US Debt ceiling concerns build UK Inflation falls to 8.7%, Bank of England remains alert

GBP – Inflation falls to 8.7%, but Bank of England remain alert

The main highlight for the UK this week is inflation.  Energy and other goods have pulled inflation lower to 8.7% from 10.1% in March.  The drop in inflation was smaller than some expected with forecasts closer to 8%.  This will keep pressure on the Bank of England, particularly with food inflation still running close to 20%.  The BoE left the door open to higher interest rates after its latest hike although the panel hoped they had done enough in raising rates to 4.5%.

Last week’s labour data was softer than expected with unemployment increasing unexpectedly to 3.9%.  There are signs that ‘inactive’ people are returning to the labour market.  Private sector wage growth of 7% remains above levels the BoE would like to see to meet their inflation target and will remain a concern. Markets continue to price in expectations of at least another 0.25% rate increase.

The BoE and IMF have changed their forecasts recently and do not expect a UK recession this year.  They acknowledged that the economy has been more resilient to the energy price shock than expected. This week, the PMI surveys may show a slight fall due to the extra coronation bank holiday.  Meanwhile, March retail sales may also be weaker as a result of the wet weather and higher energy bills through the winter.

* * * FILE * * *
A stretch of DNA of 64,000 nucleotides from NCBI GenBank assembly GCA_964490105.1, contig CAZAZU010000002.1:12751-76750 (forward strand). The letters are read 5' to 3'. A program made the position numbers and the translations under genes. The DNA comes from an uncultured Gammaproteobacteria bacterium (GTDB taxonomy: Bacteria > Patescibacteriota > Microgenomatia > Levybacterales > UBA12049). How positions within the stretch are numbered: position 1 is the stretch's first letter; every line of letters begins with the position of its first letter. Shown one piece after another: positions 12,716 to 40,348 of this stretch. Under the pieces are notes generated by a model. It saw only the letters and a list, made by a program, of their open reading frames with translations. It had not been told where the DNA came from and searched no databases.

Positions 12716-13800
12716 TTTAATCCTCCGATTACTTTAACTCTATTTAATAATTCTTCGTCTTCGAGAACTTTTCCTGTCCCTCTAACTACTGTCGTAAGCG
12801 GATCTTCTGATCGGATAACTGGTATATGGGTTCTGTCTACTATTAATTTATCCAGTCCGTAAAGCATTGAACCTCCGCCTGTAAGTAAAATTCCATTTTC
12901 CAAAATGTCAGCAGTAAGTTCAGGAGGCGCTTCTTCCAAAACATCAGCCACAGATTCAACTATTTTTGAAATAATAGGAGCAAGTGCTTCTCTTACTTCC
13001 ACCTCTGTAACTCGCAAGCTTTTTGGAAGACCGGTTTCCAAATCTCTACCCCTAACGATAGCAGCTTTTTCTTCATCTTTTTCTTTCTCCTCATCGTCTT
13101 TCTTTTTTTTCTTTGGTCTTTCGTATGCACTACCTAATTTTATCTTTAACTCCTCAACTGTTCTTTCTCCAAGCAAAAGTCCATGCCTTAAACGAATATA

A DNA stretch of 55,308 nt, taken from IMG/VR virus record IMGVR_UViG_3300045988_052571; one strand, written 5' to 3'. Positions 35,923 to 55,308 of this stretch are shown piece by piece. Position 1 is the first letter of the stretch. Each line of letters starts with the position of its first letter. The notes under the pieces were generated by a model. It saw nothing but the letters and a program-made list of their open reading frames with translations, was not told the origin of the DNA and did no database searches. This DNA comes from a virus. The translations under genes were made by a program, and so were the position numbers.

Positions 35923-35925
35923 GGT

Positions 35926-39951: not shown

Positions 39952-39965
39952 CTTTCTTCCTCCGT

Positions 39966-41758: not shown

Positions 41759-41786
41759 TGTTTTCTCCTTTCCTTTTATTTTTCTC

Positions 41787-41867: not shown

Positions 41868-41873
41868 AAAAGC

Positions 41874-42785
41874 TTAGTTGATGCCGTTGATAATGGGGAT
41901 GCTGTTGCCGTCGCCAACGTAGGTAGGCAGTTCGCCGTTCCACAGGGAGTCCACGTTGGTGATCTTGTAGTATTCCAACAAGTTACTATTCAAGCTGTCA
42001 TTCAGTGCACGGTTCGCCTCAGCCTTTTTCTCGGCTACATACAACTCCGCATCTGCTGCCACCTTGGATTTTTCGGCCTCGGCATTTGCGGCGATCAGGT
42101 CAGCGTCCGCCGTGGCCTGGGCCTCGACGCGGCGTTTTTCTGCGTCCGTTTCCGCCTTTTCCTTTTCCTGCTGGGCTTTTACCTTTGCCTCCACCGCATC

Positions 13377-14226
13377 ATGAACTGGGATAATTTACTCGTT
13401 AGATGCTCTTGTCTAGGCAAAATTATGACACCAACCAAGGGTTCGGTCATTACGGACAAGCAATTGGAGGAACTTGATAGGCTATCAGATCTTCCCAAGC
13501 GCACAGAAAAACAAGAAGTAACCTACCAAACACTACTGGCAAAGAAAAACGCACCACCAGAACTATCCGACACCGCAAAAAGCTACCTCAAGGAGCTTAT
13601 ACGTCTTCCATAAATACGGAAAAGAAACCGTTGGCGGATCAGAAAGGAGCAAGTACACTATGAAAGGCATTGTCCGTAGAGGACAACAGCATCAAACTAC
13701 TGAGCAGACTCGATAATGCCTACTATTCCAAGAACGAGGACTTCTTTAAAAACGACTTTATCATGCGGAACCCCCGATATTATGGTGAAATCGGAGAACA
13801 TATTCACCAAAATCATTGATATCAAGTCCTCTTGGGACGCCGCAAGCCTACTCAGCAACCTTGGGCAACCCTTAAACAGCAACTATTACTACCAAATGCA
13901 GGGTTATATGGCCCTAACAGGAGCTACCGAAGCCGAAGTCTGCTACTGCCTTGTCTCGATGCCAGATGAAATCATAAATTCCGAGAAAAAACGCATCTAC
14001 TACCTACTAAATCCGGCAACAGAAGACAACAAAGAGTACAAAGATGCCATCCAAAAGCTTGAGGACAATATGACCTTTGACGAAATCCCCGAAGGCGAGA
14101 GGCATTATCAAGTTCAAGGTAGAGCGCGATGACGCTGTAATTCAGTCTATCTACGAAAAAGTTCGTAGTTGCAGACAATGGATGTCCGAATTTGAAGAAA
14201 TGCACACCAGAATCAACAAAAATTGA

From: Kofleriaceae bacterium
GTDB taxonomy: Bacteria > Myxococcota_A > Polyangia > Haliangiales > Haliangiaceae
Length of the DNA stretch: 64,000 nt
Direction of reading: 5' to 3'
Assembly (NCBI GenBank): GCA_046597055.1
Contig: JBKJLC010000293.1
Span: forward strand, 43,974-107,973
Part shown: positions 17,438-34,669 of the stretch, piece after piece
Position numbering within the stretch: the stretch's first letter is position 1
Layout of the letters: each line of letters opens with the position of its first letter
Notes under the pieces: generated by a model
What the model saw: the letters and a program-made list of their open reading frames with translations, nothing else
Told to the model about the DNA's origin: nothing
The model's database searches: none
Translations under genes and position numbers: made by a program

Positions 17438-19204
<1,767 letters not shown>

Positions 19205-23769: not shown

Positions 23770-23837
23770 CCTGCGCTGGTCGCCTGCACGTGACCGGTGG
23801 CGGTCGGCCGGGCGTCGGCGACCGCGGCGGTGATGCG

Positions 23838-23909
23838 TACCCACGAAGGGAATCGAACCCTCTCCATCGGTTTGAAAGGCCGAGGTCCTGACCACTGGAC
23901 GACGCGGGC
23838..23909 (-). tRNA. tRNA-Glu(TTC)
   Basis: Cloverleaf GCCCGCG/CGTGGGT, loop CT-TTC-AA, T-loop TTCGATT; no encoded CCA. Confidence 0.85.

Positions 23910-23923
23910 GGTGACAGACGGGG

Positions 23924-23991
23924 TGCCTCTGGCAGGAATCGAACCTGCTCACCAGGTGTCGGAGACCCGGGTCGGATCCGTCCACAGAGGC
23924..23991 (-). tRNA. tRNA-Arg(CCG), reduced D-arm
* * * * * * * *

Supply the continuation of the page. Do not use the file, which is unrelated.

GBPEUR – 1.1532

GBPUSD – 1.2436


EUR – Eurozone PMIs show expansion at a slower rate

The Eurozone focus this week has been on the Eurozone PMI figures and the German IFO business survey.  The PMIs continue to show expansion overall, at a slower pace than in April. The survey showed manufacturing (44.6) lagging behind a more buoyant service sector (55.9). The German IFO index dropped to 91.7 following increases for the last six months.  Despite some of these weaker figures, the expectation is that the ECB will continue to raise rates next month.

EURUSD – 1.0784

EURGBP – 0.8672


USD – Inflation is to remain around 4%, while debt ceiling concerns build

This week we will see the Fed’s preferred inflation measure, the PCE deflator.  This is expected to be in line with last month, just above 4%, though the core index will likely have risen slightly again.  The Fed is still expected to pause its sequence of rate hikes in June, but higher inflation could change this. We have a number of Fed speakers this week and the FOMC minutes which could also give further insight into their latest thoughts. 

We will also see the second estimate of Q1 GDP which is likely to be 1.1% annual growth. The personal spending figures are expected to show 0.4% growth in the month, suggesting that consumer spending is holding up.  This also bodes well for the economy in the second quarter.  The US debt ceiling remains a bone of contention.  Ongoing negotiations and President Biden’s positive sentiment give some hope that a solution will be found, but time is running out as a default could happen in early June without agreement.

GBPUSD – 1.2436

EURUSD – 1.0784


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*Interbank rates are correct at 7am on the date of publishing.